Picasso’s Still-Life with Door, Guitar and Bottles (1916)

Cubist still-lifes usually include objects from Parisian café culture: bottles of alcohol, cups, glasses, table-tops, musical instruments etc. This example from 1916 is no exception. Yet few realize that the same items evoke an artist's studio with its work-tables, rounded palettes and various glass and ceramic containers for holding liquids. Music is a traditional metaphor for art's poetry as alcohol, pipes and smoke are for the imagination.

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Captions for image(s) above:

Picasso, Still-life with Door, Guitar and Bottles (1916) Oil on canvas. Statens Museum for Kunst, Copenhagen

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Meanwhile scholars have suggested that Picasso's still-lifes sometimes evoke anthropomorphism.1 This one, unseen until now, is a good example. Esoterically the black-and-white sound-hole of the guitar is Picasso's "eye" with the sharp contour to its left as his profile (see diagram, lower left). Picasso regularly depicted his nose as bulbous and his chin prominently round. While the self-portraits in profile (right) depict a straighter nose, they still convey the feel of his hidden profile with its dark and penetrating "eye". And, like them, the "head" is cropped at the neck (dotted line).2

Picasso clearly intended to convey to other visual poets that his "eye" was the instrument's sound-hole, the orifice from which music flows like art from his eye.

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Captions for image(s) above:

L: Detail and diagram of Picasso's Still-life with Door, Guitar and Bottles (1916)
R: Details from Picasso's Self-portrait in profile (1921), also Self-portrait in profile (1921)

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Picasso often made sound-holes do double-duty as both an "eye" and a palette's "thumb-hole". The strings too intentionally resemble paintbrushes (right) while they also, like optical nerves, link his "eye" to its "brain" above, one meaning piled on another.3 Just as subtly, the white highlight around the hole is a lunar crescent connecting that inner "eye" to dreams, imagination and insight. It must be inner because it is surrounded by a large green circle. This makes it far too big for his profile and further away than an eye, realistically, would be. This is a mental image (see Cubism Explained) and his profile, facing the door, is like a shadow on a wall. Susan Grace Galassi has remarked that Picasso had a long fascination with doors frequently presided over by a shadow figure, often a symbolic representation of Picasso himself.4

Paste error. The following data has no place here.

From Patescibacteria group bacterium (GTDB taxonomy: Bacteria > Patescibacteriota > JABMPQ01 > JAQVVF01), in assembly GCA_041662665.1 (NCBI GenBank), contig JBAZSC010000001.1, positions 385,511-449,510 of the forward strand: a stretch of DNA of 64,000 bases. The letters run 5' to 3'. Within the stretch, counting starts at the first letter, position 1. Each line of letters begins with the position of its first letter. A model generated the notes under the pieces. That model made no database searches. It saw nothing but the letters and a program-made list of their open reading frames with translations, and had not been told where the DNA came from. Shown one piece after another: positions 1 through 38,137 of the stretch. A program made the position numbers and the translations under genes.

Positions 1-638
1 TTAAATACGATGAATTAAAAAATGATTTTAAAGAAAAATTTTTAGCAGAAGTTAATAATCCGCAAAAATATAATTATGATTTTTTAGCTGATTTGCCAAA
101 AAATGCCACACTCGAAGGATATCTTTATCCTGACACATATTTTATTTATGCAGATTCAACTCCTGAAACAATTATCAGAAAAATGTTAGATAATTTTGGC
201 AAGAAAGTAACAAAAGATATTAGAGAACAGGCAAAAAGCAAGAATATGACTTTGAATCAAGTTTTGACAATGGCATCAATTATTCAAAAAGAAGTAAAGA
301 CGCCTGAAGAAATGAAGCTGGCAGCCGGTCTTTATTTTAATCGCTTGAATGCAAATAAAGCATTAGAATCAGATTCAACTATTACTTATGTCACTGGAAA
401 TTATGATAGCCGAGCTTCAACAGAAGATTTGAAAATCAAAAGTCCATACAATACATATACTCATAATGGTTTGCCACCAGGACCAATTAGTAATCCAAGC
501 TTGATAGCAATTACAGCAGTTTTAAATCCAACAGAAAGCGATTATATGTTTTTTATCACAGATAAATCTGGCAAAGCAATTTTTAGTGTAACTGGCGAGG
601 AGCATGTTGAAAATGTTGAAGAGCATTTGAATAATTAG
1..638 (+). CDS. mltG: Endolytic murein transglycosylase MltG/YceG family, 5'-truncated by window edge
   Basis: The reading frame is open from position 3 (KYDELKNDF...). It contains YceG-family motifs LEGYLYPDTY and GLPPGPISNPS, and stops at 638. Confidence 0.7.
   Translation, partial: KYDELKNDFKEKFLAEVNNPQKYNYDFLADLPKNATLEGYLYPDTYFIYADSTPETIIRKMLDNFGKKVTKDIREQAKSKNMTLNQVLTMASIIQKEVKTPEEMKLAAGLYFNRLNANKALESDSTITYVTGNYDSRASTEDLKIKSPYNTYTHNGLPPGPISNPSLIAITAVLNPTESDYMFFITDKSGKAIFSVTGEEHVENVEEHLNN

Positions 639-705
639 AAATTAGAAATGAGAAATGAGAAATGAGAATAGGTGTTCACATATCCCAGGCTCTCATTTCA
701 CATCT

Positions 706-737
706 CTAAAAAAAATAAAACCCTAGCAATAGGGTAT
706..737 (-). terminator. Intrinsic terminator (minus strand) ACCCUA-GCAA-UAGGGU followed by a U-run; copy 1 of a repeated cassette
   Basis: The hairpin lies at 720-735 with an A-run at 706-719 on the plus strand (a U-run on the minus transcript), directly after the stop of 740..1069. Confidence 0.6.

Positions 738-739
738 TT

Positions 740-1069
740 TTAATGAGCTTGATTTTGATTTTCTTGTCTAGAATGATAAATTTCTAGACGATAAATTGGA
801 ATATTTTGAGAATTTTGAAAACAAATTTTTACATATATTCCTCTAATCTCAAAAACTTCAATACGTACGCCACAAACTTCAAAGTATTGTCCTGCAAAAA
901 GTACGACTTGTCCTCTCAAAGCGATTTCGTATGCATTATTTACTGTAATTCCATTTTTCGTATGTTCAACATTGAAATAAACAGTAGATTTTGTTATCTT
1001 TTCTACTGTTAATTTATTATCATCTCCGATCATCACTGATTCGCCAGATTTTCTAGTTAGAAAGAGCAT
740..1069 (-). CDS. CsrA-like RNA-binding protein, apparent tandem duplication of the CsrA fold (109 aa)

Captions for image(s) above:

Detail of Picasso's Still-life with Door, Guitar and Bottles (1916)

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Academies of art have always placed great emphasis on the genres and styles of art as their successors in the academy do today. Yet time and again great artists, like contemporary film-makers, have merged one genre with another to make nonsense of such superficial classifications. What matters to major artists is not just what an artwork looks like on the surface but the poetry of its underlying scene which is, as always, the image in the artist's mind.

Captions for image(s) above:

Picasso, Still-life with Door, Guitar and Bottles (1916)

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Notes:

1. William Rubin in Picasso and Portraiture (New York: Museum of Modern Art) 1996; Berenice Rose (ed.). Picasso, Braque and Early Film in Cubism (New York: PaceWildenstein) 2007, p. 66

2. An art theorist has rightly warned other art scholars that because Picasso’s portraits defy analytic matching, they can only judge the likeness of his portraits by becoming attuned to his kind of representation. Unfortunately, without such experience, others have to rely on the expert. Nevertheless, in my opinion, anyone with perserverance and an open mind can obtain that experience. Anton Ehrenzweig, The Hidden Order of Art (London: Phoenix Press) 2000, p. 7. Originally published, 1967.

3. Bass guitars, like the one here, have only four strings but most acoustic guitars have more, six or as many as twelve. Picasso may have deliberately chosen to depict only four, not to mimic reality obviously but for its meaning. He sometimes signed the P of his name as a line with a circle on top, somewhat resembling upside down how the four strings are depicted here, straight with a circle at the bottom. The four lines and circle might then refer to PP (for Pablo Picasso) twice over. It is as though his initials are reflected (ie. doubled) into the world we perceive while still emanating from the unity of the cosmos symbolized by the circle. The pathway between duality and unity is a constant theme in art.

4. Susan Grace Galassi, “Picasso in the Studio of Velazquez” in Picasso and the Spanish Tradition of Painting, ed. J. Brown (New Haven: Yale University Press) 1996, p. 128

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